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A psychological drama centered around world-famous turn-of-the-century photographer, Eadweard Muybridge who photographed nude and deformed subjects, became the godfather of cinema, murdered his wife's lover, and was the last American to receive the justifiable homicide verdict. Written by
Motion 58 Entertainment
Script, Actors, Cinematography, Everything--Close to Flawless!
I just saw Eadweard at its (world?) premier at Cinequest (San Jose CA). It is the first feature-length film by director and co-writer Kyle Rideout, and I was blown away by the quality and polish of everything about this movie. Directors with decades of experience would be hard-pressed to create a movie with as much beauty and narrative force.
Eadweard covers the most famous work of Eadweard Muybridge, the 19th-century English photographer who, early in his career, proved that all the feet of a galloping horse do, in fact, leave the ground at one point. The film begins with his meeting his future wife, Flora, a 21-year-old woman captivated by this photographer who was exactly twice her age.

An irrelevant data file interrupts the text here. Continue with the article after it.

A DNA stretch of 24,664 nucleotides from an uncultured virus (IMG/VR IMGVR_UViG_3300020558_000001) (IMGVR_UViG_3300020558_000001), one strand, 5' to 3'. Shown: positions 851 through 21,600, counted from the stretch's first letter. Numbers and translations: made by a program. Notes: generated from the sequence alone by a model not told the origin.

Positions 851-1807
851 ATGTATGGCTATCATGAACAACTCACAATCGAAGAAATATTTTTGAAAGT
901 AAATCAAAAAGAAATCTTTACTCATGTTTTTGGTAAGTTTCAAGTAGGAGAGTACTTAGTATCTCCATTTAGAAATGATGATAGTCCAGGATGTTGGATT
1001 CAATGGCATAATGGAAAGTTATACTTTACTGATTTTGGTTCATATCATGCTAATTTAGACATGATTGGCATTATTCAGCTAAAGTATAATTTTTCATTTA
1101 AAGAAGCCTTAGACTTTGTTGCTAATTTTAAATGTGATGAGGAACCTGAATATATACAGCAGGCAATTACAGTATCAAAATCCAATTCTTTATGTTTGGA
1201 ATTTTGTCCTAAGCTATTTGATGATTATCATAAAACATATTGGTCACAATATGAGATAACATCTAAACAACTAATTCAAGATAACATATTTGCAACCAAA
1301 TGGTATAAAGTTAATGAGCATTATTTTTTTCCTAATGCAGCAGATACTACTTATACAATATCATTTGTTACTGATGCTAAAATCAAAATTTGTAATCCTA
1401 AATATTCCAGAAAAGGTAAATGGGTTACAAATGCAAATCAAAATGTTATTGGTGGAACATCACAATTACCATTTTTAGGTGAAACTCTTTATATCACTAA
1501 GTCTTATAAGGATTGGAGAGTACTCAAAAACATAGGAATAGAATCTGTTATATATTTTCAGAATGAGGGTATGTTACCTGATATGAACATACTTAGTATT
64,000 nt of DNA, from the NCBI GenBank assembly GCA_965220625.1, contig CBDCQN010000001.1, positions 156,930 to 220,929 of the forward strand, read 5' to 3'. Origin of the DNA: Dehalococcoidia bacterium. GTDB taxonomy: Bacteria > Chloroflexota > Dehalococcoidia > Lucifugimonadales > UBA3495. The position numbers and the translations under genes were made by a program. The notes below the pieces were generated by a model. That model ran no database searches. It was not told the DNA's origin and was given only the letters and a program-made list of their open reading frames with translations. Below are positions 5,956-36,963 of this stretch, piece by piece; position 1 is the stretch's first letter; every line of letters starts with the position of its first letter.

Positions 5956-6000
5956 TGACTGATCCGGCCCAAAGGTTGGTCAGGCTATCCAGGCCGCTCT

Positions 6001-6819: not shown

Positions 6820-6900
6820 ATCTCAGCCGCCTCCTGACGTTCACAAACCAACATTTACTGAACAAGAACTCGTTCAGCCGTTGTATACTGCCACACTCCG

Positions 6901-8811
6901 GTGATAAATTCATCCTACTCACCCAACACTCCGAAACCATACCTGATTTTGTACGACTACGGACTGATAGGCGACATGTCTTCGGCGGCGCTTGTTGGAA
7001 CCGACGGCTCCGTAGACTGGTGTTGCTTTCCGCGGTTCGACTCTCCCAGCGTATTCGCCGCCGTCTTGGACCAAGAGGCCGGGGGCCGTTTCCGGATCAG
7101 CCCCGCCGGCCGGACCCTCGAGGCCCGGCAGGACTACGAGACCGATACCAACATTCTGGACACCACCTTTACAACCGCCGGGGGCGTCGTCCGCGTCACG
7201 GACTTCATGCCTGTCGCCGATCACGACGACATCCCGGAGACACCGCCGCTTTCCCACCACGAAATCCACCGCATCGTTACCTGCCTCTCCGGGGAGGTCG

At first they had a vibrant life together, but Flora came to feel neglected as Muybridge poured all his energy and passion into his all-consuming project; by its finish, he recorded 781 sequences of animals and humans in motion. Muybridge defied the morality of the day when he eventually insisted that his human subjects be photographed near or completely nude, so as to provide complete records of how the human body works when it is in motion.
Two years after they were married, Muybridge fatally shot his wife's lover, who may have been the father of their son Florado. Though the jury dismissed his insanity defense, it delivered an unexpected not-guilty verdict on the grounds of "justifiable homicide" (according to the film, the last such verdict rendered in the history of American jurisprudence).
Michael Eklund does a masterful job of portraying Muybridge's forceful, abrupt personality (itself the result of a serious injury earlier in life that probably caused permanent brain damage). The pacing of the film is brisk and sure-footed, resulting in a story that draws you in and keeps your attention.
I've never rated anything 10 out of 10, until now. This film is well worth watching, and you will remember it.
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